Business Resource Center

8 Steps to an Effective Small Business Disaster Recovery Plan

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According to the U.S. Chamber of Commerce Foundation, just 17% of small businesses have an effective disaster continuity plan.

1. Assess your risks

Start your planning by assessing what risks are most likely to impact your business. Every business is vulnerable to different risks. Understand how potential factors, such as weather events or risks unique to your industry or location, could impact your business. Also consider that the factors that might affect your customers or suppliers could also constitute an emergency for your business.

2. Explore insurance options

Get familiar with what types of insurance policies your business needs. Take time to understand what is and isn't covered. Policies that include flood insurance or cybersecurity coverage might be smart steps, depending on your industry and location. Evaluate whether business interruption insurance, which provides coverage if your business has to close down temporarily due to a disaster, could be a smart step to help your business weather a storm.

3. Develop a record-keeping plan

Make a list of key business documents, including business licenses, insurance policies, identification, customer data, and tax records. Ensure that you have copies stored in at least two physical locations —and ideally an additional copy in an off-site secure digital backup stored in the cloud. Physical copies should be stored in a fireproof safe or bank box. Evaluate your IT needs during a disaster and ensure that critical data is being backed up offsite, in case servers or computers are damaged.

4. Install and regularly test emergency systems

When you have a physical location, it's important that your emergency solutions are installed, functioning properly, and regularly tested. These include but aren't limited to smoke detectors, sprinklers, CO2 detectors, and failsafe protections such as generators.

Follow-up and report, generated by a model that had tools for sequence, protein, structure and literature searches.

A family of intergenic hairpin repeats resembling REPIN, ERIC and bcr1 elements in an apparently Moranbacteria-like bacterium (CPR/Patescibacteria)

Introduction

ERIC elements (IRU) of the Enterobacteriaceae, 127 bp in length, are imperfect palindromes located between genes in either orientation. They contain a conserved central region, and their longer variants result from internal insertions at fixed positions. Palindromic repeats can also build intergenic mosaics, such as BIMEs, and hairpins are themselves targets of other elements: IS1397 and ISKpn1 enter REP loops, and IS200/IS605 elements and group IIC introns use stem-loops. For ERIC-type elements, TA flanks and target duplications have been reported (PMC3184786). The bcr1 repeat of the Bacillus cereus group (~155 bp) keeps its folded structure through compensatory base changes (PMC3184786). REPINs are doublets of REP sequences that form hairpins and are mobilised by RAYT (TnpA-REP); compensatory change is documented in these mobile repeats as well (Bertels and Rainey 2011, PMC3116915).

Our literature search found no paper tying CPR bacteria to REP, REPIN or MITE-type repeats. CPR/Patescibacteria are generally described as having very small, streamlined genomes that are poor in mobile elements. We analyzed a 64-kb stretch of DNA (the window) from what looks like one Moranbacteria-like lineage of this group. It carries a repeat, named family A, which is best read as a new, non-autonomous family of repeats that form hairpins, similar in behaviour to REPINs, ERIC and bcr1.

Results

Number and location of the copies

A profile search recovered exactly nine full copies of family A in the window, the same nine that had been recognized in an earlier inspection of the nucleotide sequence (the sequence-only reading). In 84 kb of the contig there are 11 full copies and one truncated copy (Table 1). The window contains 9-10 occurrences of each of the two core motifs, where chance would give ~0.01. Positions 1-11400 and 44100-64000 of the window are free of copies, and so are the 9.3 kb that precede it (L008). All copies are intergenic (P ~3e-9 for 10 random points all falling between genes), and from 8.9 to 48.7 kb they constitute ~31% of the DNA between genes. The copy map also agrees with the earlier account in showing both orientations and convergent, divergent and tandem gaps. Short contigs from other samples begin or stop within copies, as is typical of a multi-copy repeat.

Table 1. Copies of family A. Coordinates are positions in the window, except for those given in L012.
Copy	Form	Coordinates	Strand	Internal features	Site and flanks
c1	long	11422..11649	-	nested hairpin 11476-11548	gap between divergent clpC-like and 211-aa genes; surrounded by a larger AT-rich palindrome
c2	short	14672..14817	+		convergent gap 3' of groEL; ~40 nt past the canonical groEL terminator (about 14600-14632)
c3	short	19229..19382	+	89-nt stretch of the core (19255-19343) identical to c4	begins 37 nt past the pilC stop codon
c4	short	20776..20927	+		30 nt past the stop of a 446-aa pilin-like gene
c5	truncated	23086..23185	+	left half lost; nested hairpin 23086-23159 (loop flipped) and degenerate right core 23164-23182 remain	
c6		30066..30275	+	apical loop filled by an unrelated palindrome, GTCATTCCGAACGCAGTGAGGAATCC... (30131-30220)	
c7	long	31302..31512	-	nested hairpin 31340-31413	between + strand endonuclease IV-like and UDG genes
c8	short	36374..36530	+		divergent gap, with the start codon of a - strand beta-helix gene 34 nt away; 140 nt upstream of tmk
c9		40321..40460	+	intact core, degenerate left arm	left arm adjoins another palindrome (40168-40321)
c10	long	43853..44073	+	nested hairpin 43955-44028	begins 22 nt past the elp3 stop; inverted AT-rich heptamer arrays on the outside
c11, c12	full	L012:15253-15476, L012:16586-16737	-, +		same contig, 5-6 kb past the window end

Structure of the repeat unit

5. Assemble on-site emergency kits

Do you have emergency supplies on hand in case employees or customers are stranded in your location during a disaster? Emergency kits should include first-aid kits and supplies, non-perishable food, bottled water, and equipment like flashlights and a radio.

6. Develop communications plans

Create a communications plan that details who should be notified in case of an emergency. Collect and centralize all key contact information, and verify the information at least quarterly to ensure that it's always current. Your contacts should include employees, emergency contacts, insurance brokers, legal counsel, key customers, lenders, and other resources. Don't forget to use accessible online channels (such as social media, websites, and blogs) to communicate opening and closure dates.

7. Create policies for closures and remote work

Determine policies for closures in advance. For example, if the school district where your office is located closes due to weather, that might be your standard guideline as well. Provide employees and customers with an easy-to-check option, such as a prerecorded line or a social media account, that will be updated with closure information.

8. Assess business continuity plans

If your key locations need to be closed due to a weather event or other disaster, what essential business processes or services must continue? For example, if you offer a software solution to customers, uninterrupted access for users is a top priority. By outlining these critical business functions, you can plan for the personnel, space, and other resources needed to keep these up and running in the event of a disaster.

Thinking ahead and developing a disaster preparedness plan can mean the difference between successfully making it through an emergency and missing critical steps that put your business at risk. A clear emergency management plan can help you weather any storm. Have you recently gone through a disaster? Learn more about getting back to business as quickly as possible.

Important disclosure information

This content is general in nature and does not constitute legal, tax, accounting, financial or investment advice. You are encouraged to consult with competent legal, tax, accounting, financial or investment professionals based on your specific circumstances. We do not make any warranties as to accuracy or completeness of this information, do not endorse any third-party companies, products, or services described here, and take no liability for your use of this information.

  1. Federal Emergency Management Agency, “Make Your Business Resilient," updated April 19, 2019, accessed February 15, 2020. Back
  2. U.S. Chamber of Commerce Foundation, “6 Starter Tips to Withstand Dangers to Small Businesses," published March 22, 2019, access February 16, 2020. Back